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Safety starts with design. Well before shovels hit earth, contractors should be planning for a safe project.

Sometimes it’s the simple things that lead to marked improvements. Ring roads distribute traffic, keep the site clean, and help prevent congestion when multiple crews are on site. Rather than regularly regrading temporary roadways, a quality road built to accommodate heavy traffic from the start makes delivery and handling of materials work smoothly on a consistent and ongoing basis.

Other things are less simple. To really make marked improvements in safety, contractors must take a close look at what they’re doing and be willing to shake it up. It will often come with upfront costs but have long-term safety and quality benefits. Here are some of changes that can improve safety at the jobsite and quality of the project.

Keeping boots on the ground

Stick-built construction has long been the standard in commercial construction but it’s time consuming, labor intensive and creates more opportunities for on-site accidents and injuries. Heavy reliance on prefabrication can be transformative for safety at worksites. Off-site manufacturing makes on-site assembly come together quickly with less on-site labor and fewer moving parts, people and vehicles. Carefully organized rigging and setting of the building means there are no crews working around crane operations. All of this leads to a more controlled and safer jobsite.

Use of prefabricated plenums is a good proof point for how off-site manufacturing drives major improvements in safety. Prefabricated plenums can be installed on-site in less than a week, reducing onsite labor by 50% and eliminating the need to have people working at high heights over a sustained period on site.

Prefabricating much of the data center’s mechanical, electrical and plumbing infrastructure has been another huge win. Large portions of the piping, duct and conduit at floor level can be preassembled and placed in larger, multi-discipline section, overhead. Previously, this work would be built using lifts, one conduit or pipe at a time. Assembly of these systems at waist level, then raising it up to be tacked in increases safety and quality and production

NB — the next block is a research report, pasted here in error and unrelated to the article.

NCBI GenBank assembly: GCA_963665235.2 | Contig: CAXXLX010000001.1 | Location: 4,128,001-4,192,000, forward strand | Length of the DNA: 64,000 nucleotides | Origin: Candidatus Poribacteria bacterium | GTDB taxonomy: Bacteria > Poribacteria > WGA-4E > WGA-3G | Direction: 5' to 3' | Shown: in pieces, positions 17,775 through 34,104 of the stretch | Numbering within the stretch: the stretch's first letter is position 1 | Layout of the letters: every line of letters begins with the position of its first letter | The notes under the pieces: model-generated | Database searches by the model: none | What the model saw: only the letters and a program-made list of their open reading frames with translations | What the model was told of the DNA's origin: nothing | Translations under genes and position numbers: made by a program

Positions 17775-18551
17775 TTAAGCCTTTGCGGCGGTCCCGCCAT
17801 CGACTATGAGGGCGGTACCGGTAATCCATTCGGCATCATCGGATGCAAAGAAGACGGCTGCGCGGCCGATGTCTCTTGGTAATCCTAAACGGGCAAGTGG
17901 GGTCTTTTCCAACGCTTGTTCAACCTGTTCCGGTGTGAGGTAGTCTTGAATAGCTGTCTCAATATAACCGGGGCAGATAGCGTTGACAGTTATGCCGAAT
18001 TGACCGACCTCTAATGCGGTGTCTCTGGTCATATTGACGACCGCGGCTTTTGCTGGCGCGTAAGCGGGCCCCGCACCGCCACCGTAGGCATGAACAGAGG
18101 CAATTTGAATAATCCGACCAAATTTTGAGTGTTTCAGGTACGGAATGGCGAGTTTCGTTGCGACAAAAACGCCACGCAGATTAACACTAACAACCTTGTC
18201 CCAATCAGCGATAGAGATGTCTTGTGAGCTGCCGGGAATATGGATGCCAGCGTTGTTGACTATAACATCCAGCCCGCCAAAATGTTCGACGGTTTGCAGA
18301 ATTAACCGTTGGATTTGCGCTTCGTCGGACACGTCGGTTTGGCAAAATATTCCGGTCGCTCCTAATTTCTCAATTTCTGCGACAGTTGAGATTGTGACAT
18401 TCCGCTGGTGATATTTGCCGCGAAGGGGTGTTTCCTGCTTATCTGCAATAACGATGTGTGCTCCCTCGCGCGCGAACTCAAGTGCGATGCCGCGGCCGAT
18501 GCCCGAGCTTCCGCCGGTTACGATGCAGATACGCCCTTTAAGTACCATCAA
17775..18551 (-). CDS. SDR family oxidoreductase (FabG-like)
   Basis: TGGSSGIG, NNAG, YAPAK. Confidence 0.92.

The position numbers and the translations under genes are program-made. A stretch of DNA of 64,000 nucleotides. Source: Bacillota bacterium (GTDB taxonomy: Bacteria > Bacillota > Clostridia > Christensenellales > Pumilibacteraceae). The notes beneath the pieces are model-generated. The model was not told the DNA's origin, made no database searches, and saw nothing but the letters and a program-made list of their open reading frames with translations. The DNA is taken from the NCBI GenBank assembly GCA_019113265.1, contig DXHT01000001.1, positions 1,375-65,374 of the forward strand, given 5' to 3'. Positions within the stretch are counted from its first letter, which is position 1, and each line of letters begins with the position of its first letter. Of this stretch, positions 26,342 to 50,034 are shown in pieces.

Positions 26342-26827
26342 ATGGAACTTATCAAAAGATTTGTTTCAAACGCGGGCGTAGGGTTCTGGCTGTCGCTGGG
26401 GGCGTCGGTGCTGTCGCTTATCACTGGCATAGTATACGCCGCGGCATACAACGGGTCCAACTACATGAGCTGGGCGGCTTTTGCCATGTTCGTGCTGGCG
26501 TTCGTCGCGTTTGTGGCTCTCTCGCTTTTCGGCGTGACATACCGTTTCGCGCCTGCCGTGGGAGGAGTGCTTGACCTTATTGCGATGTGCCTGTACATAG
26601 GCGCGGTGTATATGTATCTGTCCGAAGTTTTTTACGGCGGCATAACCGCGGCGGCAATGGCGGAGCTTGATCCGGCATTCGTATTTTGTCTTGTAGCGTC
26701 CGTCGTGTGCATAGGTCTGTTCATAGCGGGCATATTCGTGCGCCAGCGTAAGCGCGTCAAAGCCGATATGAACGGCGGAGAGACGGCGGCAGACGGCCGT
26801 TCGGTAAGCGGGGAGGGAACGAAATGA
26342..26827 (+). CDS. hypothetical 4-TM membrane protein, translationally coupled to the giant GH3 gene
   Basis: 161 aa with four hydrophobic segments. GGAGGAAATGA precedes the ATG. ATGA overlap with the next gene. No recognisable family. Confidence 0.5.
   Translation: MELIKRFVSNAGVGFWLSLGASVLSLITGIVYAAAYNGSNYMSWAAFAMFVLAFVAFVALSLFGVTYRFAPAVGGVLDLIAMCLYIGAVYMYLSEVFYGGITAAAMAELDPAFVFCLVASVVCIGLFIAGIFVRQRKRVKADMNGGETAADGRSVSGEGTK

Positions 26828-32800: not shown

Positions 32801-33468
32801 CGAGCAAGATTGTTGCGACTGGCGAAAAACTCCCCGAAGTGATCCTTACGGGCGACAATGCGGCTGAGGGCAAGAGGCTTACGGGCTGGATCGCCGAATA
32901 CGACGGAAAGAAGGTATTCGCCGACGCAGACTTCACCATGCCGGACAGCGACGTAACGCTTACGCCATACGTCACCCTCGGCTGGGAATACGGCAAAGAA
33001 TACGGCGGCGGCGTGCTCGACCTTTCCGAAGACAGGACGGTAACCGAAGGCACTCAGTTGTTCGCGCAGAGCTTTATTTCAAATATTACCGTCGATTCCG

Another major opportunity to reduce risk and keep boots on the ground is through integrated color in precast components. Integrated color eliminates the need for painters on lifts, working above other crews. It also eliminates noxious fumes and the challenge of coordinating around painting activity. Integrated color lasts a lifetime; so, while it comes with some upfront costs, it’s another element that has long-term benefits.

Safety on high

Height equals risk. In addition to all the ways we manufacture offsite to keep on-site crews at ground level, a lot of attention must be paid to overhead activities as they relate to safety.

To start, a precast roof means the structural roof components arrive in single pieces that can be placed quickly and covered immediately to create a safe, dry, sheltered work environment faster than most other composite roofing designs. No work ever takes place under an incomplete and potentially unsafe roof.

Likewise, no leading-edge work, or work near an unprotected roof edge, is allowed. Parapets can be used for more than water distribution. Built to heights that meet OSHA standards for guardrail safety, the parapets make rooftop work safer and eliminate the need for cumbersome worker safety restraints. Once the parapet is set, there are no unsafe, leading edges. Parapet heights make construction and facility maintenance activities much safer and more efficient than having to tie-off while working on the roof.

In the ceiling, integrated pre-formed penetrations can help avoid field cutting, which is labor intensive and involves heavy equipment overhead—a less-than-optimal setting for precision work. Among other benefits of prefabricating, an embedded Unistrut, or metal framing system, in the precast ceiling eliminates any need to pneumatically shoot into the structure. So, for installation of the fire protection pipeline, for example, crews can hang from the Unistrut and it’s done. All these elements make it possible to minimize the need for overhead work with heavy tools.

Finally, using airside cooling means there is no rooftop equipment over the large data halls and associated holes over the building during construction, eliminating a major fall hazard and creating a more impermeable roof.

Go slow to go fast

To make positive changes, constantly question all potentially unsafe practices. Be open to change and the speedbumps that come with it. More often than not, the long-term gain will be more than worth the short-term strain.

This article is the fourth in a four-part series about the most-recent developments in construction’s cutting-edge technologies and best practices. Click here for part one, here for part two and here for part three.

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